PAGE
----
In Kiamesha Dev. Corp. v. Guild Properties, 4 N.Y.2d 378, 151 N.E.2d 214, 175 N.Y.S.2d 63,a description of property sold at a tax sale was held to be inadequate where there were errors in the name of the owner, lot number and western boundary. In Chornonna v. Field, 14 Misc.2d 746, 178 N.Y.S.2d 341, a court held that where all published notices of a tax sale described property as “5′ x 230′,” when in fact it was “75′ x 230′,” the disparity was sufficiently grave to constitute a jurisdictional defect and to render a tax sale void. In City of Syracuse v. Murray, 179 Misc. 244, 38 N. Y.S.2d 465, a court upheld as sufficient for tax sale purposes a description of property which included the street number of the premises, the fact that it was a corner lot, its frontage and depth, and reference to lot number and block letter in the “Seeley Tract” so that it could be readily identified from any examination of a map of such tract. Finally, in McCoun v. Pierpont, 232 N.Y. 66, 133 N.E. 355, the Court of Appeals held that where several other identifying marks were listed and only the map number was omitted, the description of the property satisfied statutory requirements.

Thus, it is readily apparent that there are no strict rules defining what is and what is not a “sufficient description” for purposes of a tax sale. However, in City of Syracuse v. Murray, supra, the court stated (at p. 468):

Descriptions for tax purposes are necessarily condensed, but so long as they are sufficient to identify the property or to inform an interested person of some place or manner of obtaining a more complete description upon inquiry, they have been universally held to comply with the statute.

The question presented herein is whether the city school district, and water and sewer tax lien lists comply with the foregoing requirements. Descriptions on the water and sewer tax lien list include the name and street address of the property along with references to the ward, page and line numbers (apparently references to the assessment roll). As such, these descriptions may be sufficient, within the rationale of the City of Syracuse case (supra) in that they at least inform interested parties “of some place or manner of obtaining a more complete description upon inquiry.” However, the city school district tax lien list is even less descriptive. There, only the names of the owner-occupant and street addresses are listed. While such a brief description might be held to give sufficient notice to an owner of property residing at the specific address, we have serious reservations (based on the case law previously discussed) that such descriptions would be considered sufficient in any other case.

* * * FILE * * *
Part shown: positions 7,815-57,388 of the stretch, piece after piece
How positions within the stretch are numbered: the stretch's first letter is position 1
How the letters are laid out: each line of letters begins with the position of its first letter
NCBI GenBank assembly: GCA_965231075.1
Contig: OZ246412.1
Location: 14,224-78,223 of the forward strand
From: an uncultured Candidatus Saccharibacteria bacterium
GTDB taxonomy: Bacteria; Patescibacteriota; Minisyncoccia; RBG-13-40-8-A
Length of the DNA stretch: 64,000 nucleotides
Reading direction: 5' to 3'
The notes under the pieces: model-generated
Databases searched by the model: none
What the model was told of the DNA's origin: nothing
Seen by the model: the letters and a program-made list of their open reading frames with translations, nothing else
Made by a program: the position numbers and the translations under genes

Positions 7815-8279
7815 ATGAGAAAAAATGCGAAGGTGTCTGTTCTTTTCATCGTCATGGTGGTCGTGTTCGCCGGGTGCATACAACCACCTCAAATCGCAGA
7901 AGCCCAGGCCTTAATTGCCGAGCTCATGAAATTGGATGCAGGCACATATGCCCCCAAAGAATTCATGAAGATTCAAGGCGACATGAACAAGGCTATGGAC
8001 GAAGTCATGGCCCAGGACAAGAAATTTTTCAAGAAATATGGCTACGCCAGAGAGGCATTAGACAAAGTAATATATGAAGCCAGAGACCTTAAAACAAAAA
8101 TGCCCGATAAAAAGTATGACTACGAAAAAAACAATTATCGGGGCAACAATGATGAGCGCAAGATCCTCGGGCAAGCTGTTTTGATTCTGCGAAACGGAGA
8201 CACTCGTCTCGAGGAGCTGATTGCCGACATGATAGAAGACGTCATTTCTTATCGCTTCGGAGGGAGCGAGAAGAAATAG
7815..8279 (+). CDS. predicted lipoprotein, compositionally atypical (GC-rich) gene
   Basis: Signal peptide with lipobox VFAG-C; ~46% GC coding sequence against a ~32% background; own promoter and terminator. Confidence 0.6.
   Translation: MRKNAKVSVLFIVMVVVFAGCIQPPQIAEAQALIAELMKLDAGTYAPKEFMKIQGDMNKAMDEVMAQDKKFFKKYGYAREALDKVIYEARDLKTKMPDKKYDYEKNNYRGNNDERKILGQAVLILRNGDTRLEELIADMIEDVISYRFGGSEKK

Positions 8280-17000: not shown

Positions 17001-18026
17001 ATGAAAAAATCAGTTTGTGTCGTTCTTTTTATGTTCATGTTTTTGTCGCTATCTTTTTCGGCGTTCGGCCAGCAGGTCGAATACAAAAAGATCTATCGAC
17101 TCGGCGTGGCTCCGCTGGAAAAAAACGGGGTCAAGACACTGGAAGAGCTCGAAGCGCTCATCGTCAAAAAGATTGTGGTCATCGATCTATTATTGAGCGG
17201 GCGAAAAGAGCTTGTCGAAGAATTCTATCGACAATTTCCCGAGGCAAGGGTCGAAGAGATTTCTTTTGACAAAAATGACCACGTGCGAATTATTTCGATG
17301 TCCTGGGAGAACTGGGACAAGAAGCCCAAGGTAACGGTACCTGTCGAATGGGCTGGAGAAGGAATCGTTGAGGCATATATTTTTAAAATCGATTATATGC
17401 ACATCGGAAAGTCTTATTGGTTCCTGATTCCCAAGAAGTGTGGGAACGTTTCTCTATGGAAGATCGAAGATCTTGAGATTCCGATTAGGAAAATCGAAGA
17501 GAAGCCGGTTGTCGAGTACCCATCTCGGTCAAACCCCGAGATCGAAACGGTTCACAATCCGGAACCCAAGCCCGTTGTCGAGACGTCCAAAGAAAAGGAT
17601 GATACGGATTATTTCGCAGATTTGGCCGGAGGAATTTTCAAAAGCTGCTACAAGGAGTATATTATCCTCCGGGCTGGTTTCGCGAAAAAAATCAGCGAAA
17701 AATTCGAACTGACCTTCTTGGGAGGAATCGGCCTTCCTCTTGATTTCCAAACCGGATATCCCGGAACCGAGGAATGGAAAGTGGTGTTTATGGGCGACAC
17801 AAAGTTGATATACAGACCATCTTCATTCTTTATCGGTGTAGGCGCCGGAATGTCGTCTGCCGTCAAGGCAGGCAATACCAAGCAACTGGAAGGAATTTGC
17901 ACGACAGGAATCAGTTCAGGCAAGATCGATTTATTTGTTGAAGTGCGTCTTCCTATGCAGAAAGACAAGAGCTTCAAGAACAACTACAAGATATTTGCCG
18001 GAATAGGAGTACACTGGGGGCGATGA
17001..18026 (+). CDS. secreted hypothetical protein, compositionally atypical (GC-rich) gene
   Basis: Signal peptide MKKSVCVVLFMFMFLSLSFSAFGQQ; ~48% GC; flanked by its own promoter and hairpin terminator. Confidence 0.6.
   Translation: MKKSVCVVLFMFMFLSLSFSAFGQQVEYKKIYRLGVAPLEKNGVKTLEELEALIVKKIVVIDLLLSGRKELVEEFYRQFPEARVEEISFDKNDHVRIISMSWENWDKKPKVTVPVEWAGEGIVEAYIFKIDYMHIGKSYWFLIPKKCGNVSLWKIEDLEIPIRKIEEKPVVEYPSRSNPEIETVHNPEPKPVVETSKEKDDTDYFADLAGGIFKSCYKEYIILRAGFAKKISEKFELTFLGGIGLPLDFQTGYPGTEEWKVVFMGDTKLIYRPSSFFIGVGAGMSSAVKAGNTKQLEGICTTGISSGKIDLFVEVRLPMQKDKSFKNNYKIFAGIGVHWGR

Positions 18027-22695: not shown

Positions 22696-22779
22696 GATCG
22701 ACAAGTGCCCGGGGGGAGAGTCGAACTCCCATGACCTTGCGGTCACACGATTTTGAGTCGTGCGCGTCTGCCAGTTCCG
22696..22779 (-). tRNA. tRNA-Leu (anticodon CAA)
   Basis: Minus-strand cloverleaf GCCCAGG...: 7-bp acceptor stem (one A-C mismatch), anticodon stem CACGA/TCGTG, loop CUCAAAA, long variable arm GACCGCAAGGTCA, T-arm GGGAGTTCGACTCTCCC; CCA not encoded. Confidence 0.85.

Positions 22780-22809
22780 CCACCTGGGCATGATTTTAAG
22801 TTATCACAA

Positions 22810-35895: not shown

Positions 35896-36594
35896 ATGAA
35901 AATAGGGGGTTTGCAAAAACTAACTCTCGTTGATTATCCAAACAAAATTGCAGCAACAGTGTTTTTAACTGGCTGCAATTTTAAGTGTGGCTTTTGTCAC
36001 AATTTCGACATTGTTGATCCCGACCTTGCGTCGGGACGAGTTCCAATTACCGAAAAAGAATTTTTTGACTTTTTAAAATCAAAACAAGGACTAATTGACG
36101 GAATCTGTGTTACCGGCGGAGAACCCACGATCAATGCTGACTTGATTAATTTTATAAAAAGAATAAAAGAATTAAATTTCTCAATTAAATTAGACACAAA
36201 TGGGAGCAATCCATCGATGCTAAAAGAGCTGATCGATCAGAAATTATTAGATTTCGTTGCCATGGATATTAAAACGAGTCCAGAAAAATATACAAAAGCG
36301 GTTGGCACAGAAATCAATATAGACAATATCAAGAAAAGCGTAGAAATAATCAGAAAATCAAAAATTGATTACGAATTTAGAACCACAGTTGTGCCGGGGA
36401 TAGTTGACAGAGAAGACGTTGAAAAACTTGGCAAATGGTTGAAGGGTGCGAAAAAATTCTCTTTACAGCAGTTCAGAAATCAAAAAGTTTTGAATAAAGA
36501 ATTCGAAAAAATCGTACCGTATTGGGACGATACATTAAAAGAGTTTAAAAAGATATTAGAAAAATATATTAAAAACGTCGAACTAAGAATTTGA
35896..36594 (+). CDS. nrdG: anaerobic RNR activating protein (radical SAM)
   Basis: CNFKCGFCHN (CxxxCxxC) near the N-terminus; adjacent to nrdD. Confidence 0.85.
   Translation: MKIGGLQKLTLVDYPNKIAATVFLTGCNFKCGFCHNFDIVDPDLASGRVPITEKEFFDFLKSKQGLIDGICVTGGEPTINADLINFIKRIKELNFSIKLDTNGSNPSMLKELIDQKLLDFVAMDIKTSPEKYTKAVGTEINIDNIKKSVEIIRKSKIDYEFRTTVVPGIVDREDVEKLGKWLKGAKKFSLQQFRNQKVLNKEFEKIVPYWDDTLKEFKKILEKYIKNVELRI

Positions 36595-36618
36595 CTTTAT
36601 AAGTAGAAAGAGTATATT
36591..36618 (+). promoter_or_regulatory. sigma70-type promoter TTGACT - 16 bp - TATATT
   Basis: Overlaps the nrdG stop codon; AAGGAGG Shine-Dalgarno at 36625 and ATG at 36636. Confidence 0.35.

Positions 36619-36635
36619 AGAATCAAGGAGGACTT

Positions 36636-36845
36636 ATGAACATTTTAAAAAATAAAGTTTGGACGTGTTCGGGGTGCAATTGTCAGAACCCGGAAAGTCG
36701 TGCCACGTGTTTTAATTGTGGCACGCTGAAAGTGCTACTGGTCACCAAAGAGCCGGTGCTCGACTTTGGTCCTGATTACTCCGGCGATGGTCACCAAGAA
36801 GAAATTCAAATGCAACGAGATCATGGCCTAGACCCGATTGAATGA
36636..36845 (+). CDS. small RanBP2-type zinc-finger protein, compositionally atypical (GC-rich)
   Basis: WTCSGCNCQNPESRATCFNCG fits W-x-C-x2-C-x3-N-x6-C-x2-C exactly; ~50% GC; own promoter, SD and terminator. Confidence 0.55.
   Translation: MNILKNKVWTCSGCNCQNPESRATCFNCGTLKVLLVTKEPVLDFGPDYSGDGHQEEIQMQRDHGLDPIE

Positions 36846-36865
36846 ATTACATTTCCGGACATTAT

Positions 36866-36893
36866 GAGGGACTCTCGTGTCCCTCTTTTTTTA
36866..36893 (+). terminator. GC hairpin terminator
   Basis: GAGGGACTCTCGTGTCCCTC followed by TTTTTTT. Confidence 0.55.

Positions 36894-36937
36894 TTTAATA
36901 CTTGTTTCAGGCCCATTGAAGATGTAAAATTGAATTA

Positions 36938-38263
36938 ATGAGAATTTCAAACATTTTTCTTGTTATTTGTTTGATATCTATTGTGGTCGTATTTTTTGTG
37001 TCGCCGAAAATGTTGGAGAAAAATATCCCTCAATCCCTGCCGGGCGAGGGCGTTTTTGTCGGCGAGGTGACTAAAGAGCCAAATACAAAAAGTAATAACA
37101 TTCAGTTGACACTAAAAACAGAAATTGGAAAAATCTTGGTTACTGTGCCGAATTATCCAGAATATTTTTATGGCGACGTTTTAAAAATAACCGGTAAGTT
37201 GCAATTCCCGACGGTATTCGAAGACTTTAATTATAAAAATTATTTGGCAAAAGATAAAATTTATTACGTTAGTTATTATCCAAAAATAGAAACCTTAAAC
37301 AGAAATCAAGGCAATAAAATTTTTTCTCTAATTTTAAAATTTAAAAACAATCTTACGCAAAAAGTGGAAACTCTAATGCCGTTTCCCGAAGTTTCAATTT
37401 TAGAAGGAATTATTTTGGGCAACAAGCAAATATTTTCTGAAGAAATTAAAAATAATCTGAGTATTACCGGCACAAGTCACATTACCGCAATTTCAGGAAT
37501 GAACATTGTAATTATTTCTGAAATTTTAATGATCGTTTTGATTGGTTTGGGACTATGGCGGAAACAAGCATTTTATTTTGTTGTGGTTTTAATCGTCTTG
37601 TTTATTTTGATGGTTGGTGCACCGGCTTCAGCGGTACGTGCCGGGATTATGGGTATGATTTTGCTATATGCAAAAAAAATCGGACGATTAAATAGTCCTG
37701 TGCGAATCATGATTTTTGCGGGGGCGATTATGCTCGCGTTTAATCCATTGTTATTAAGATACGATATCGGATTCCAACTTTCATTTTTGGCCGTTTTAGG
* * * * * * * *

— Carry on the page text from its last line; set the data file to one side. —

Pursuant to section 557, subdivision 2, of the Real Property Tax Law, the county treasurer has authority to “reject all taxes charged on real property so inaccurately described that the collection of taxes by the sale of such real property cannot be enforced.” While resort to such a remedy may appear to be a drastic measure, it should also be realized that the courts have not hesitated to void deeds of tax sales where the description of the tax delinquent property was insufficient to alert the owner thereof to the impending sale of his property.

June 20, 1975